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Description. This has a round, slender root, divided into several reddish branches, mong which are sometimes found certain red grains, which they call wild cochineal, and which are used in dying. The stalks are red, an ular, and branched; and the leaves are oblong or roundish, dentated on the edges, and placed by pair on the ribs. The flowers grow on the ends of the stalks, in round heads, and consist of a single petal, divided into four parts, in the form of a rose, of a purple colour: in themiddle there is a tuft of long stamina; the flowers are of two sorts, the one barren, that are furnished with stamina, and the other fruitful, that have a pistil. This is succeeded by a quadrangular fruit generally pointed at both ends, of an ash colour, when ripe, containing oblong, slender, reddish borwn seeds, with an astringent and somewhat bitter taste.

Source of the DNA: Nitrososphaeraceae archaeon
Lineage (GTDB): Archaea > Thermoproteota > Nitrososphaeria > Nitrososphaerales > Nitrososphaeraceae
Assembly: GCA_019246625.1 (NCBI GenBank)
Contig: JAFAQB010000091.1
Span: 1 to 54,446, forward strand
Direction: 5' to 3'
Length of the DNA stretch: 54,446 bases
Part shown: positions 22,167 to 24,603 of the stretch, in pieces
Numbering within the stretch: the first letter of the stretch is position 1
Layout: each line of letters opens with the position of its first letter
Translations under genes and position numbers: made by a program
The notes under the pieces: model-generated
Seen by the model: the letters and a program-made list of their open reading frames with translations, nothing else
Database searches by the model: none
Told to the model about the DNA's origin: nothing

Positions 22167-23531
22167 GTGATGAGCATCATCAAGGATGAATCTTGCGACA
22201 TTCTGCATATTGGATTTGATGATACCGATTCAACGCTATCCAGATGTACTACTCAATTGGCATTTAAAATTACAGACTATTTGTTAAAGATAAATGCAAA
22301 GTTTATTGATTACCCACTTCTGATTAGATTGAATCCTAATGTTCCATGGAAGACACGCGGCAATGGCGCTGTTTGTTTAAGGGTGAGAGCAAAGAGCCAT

Place. In its wild state it very much resembles the true Saxifrage, for which it is mistaken by many, and also sold for it by the herb-women. It is cultivated in gardens.

Time. It flowers about the end of June, and the seed is ripe about August.

Government and virtues. Like the former, it is under the dominion of the Moon. The whole plant is of a binding nature; the leaves are sometimes put into wine to give it an agreeable flavour, and the young shoots are a good ingredient in sallads. Saxifrage is a cordial and promoter of sweat. The root dried and powdered, stops purgings: and a strong decoction of it, or the juice of the leaves, is good for the same purposes. In the composition of the Syrupus Althæ it is generally used instead of the Great Burnet Saxifrage.

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